"Hvilke forventninger kan der stilles til H. C. Andersens dagbøger i en tysk udgave? Problemer og metoder".
This paper has been published in Andersen og Verden, Odense 1993.
A Popular Edition of Hans Christian Andersen's Diaries - Expectations, Problems and MethodsAntje Mayfarth
(summary for pages 329-36)
In this paper I present some observations made during the preparation of a new two volume edition of Hans Christian Andersen's diaries for German readers. A first German edition by Heinz Barüske came out in 1980 (Fischer Taschenbuchverlag).
Two topics will be discussed:
- criteria for selection when aiming at a large German Andersen audience who hardly know more than his fairy tales,
- problems of literary translation.
As Andersen's diaries are considered the most important source of facts about his life, the question arises as to the way in which an abundance of observations of contemporary social life and his reflections on it can be reduced from ten volumes to two.
In my opinion the criteria for selecting must be subjective.
There are two ways of arranging a popular edition:
- To present the selection of Andersen's diaries independently of his other books as Heinz Barüske did. Barüske started with the author's first notes from Meisling's Latin school and ended with those from his triumphal journey through Germany in 1844-45. This implies that only a few notes about Andersen's later years appear. Barüske was concentrating on Andersen's struggle for recognition as a poet throughout Europe.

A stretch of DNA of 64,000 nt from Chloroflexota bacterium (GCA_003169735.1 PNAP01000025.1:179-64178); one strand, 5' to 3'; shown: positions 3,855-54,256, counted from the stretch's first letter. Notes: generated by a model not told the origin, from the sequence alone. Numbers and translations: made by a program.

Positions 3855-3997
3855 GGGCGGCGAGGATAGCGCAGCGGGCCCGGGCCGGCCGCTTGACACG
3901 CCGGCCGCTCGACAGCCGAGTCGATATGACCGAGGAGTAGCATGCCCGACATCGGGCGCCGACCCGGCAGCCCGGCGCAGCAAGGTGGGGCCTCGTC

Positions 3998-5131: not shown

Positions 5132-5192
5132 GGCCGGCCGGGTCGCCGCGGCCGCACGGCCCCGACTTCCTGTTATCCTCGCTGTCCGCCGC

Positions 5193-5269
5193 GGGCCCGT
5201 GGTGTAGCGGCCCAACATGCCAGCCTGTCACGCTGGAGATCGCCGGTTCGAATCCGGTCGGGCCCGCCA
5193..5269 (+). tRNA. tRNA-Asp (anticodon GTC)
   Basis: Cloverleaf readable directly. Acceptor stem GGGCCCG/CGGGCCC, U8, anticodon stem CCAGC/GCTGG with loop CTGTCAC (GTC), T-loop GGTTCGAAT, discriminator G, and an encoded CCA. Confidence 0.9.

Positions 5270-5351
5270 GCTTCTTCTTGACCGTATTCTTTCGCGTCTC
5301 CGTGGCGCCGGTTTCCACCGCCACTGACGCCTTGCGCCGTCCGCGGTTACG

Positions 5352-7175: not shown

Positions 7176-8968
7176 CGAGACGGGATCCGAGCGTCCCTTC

- To present the diaries as part of Andersen's other books, which have been edited by Kiepenheuer Verlag, Leipzig. In this case the diaries are related to the author's travel books, to his autobiography and to his fairy tales. Different criteria for selecting are needed. We need not focus on primary biographical facts, but rather on Andersen's reflections: his reaction to contemporary intellectual and cultural trends, the history of literary relations, his contacts with other poets and with his readers at home and abroad. This alternative is useful for elucidating Andersen's remarks about his own literary production. Although these are few, they form the basis for discovering when, where, and under what conditions he wrote. Andersen's reaction to the reception of his works in Denmark and abroad is emphasized.
Furthermore the paper deals with the following problems:
- how to present various aspects of Andersen, what he reveals about himself as a stylist, as a traveller, as a person who observed his surroundings, went to theatres and museums, as a reviewer of his reviewers, and so on;
- how to maintain a balance in Andersen's style, which is alternated between poetically formed passages and others which he jotted down quickly;
- how to translate Andersen's different styles and his moods: it would be inappropriate to translate the text freely from Danish into German.
Finally there will be a comment about the editorial arrangement of such a selection, an index of names and annotations prepared as an aid for readers.